Over the last year or two, as flexible and hybrid working has become a long-term reality, almost everything we’ve heard in the media has been about people wanting to work from home as much as possible. While that’s true in many cases – and especially in the immediate aftermath of COVID restrictions, when many were still wary about returning to the office – the tide is starting to turn a little. And somewhat surprisingly, it’s the younger end of the labor force that is leading the shift.
In the UK, recent research conducted by Bright Network has found that 72% of Generation Z – those born from 1997 onwards – now want to work from the office at least three days a week. This is likely to be because they have realized how much organic learning they miss out on at home, and that the conversations they can have with co-workers in the office can be highly valuable in the formative stages of their careers. Additionally, younger employees are less likely to have enough space at home to have a dedicated home office environment, and working from the kitchen table next to a housemate long-term is unlikely to be viable.
All this means that what employers need to do to attract and retain talented employees isn’t necessarily as simple as letting them work from home. In this blog, we’ll highlight four key factors that talent is looking for when considering their current or future employment.
Firstly, employees don’t want to feel that they’re being forced into a working model that compromises them too much. That applies whether they’ve been mandated to work from the office all the time, working from home all the time, or working to a set hybrid model of home or office work on different days of the week.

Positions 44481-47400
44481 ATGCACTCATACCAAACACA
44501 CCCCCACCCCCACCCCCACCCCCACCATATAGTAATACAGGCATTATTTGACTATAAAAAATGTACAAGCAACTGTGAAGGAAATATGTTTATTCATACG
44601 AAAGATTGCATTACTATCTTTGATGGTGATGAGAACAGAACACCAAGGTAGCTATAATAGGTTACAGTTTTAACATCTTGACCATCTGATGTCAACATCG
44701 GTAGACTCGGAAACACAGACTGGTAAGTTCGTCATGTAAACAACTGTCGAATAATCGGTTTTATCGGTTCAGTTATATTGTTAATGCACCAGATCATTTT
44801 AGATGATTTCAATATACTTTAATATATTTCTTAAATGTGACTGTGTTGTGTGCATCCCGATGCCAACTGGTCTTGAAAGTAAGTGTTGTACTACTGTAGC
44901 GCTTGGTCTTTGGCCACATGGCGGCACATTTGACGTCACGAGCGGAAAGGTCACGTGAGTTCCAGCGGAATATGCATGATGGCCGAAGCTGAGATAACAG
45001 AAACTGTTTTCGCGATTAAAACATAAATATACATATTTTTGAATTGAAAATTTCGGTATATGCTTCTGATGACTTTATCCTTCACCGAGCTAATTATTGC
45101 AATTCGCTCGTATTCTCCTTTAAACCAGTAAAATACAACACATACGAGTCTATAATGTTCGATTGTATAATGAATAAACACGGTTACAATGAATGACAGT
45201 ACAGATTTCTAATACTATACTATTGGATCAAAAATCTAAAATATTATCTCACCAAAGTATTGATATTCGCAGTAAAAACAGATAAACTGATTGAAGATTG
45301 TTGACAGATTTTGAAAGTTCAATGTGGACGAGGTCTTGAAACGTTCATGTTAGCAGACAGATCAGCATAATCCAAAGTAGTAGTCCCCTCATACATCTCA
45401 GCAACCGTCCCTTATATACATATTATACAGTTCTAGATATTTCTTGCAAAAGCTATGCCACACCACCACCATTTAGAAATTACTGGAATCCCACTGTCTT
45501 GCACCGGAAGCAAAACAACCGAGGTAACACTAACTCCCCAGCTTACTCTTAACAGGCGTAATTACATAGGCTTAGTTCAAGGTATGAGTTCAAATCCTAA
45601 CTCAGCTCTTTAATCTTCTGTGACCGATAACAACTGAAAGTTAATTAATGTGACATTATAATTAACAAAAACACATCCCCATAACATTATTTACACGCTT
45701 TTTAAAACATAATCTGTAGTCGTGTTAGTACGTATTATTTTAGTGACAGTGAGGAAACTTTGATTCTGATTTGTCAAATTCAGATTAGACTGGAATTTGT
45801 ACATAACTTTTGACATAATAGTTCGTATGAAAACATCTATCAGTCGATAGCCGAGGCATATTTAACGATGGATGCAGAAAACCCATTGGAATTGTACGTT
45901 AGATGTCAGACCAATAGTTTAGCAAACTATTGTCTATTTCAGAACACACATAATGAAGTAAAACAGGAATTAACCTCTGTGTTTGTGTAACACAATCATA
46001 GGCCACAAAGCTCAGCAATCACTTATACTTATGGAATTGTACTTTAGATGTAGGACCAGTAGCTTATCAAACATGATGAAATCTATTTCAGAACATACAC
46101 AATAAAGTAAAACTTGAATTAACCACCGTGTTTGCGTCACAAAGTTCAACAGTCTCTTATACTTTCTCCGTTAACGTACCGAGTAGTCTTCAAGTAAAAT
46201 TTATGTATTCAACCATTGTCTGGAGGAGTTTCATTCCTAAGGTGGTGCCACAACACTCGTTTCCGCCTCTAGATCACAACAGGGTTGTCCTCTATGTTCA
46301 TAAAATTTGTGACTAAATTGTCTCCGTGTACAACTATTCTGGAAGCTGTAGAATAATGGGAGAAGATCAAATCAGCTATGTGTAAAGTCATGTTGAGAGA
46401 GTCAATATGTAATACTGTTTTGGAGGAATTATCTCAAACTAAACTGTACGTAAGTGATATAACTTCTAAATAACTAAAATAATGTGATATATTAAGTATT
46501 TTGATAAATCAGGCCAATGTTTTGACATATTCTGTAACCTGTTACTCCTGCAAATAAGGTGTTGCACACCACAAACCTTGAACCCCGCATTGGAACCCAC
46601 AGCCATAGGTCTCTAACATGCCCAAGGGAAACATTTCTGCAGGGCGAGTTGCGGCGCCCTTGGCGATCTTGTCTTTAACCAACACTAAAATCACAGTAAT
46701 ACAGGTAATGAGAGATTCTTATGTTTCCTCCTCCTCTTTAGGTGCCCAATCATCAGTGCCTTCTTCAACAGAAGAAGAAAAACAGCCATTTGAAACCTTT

Every employee is different, and each will have their own priorities and preferences, as well as their own idea of what a good work/life balance looks like. Allowing each individual employee to define their own working model, within reasonable operational parameters of the business, can give them the autonomy they crave.
Connected to the previous point, every employee will face times when they want or need to work from the office, whether that’s several times a week or on a very occasional basis. What they need to know is that whenever they come into the office, and whatever they’re coming in to do, they can guarantee that the workspaces they need will be ready and waiting for them.
There are two considerations involved in making this possible. The first is to deploy a workspace booking and management solution that allows all employees to search for and book the workspaces they need in advance. The second is to reshape the office environment and introduce many different types of workspace, from open-plan desks and breakout zones to formal meeting rooms and personal work pods, to maximize the choice available to each employee.
Even employees who like the solitude of working from home need to collaborate with their co-workers every so often, and even socialize with them to build strong professional relationships. And what the darkest days of the pandemic uncovered is that in these areas, video calls and digital communication are often poor substitutes for meeting up in person.
This is one of the reasons why the office has such a valuable part to play in modern business life, and shows how its role within an organization can be repositioned. The office can become a hub for collaboration and team-building, and be thought of as a place for creativity and positivity rather than just as a place for work.
Now more than ever, the sustainability of a business’s operations is being placed in high regard by employees, who want to feel that their employer is taking a socially responsible approach amid the fight against climate change. That means that any employer who can demonstrate how they take active steps to cut their carbon footprint and energy use will be favored by more current and prospective employees.
A reshaping of the workplace is one excellent way of achieving this. As flexible working means office headcounts are lower from one day to the next, reducing real estate by creating shared, bookable workspaces can generate a substantial reduction in energy use such as light, heat, ventilation and connectivity.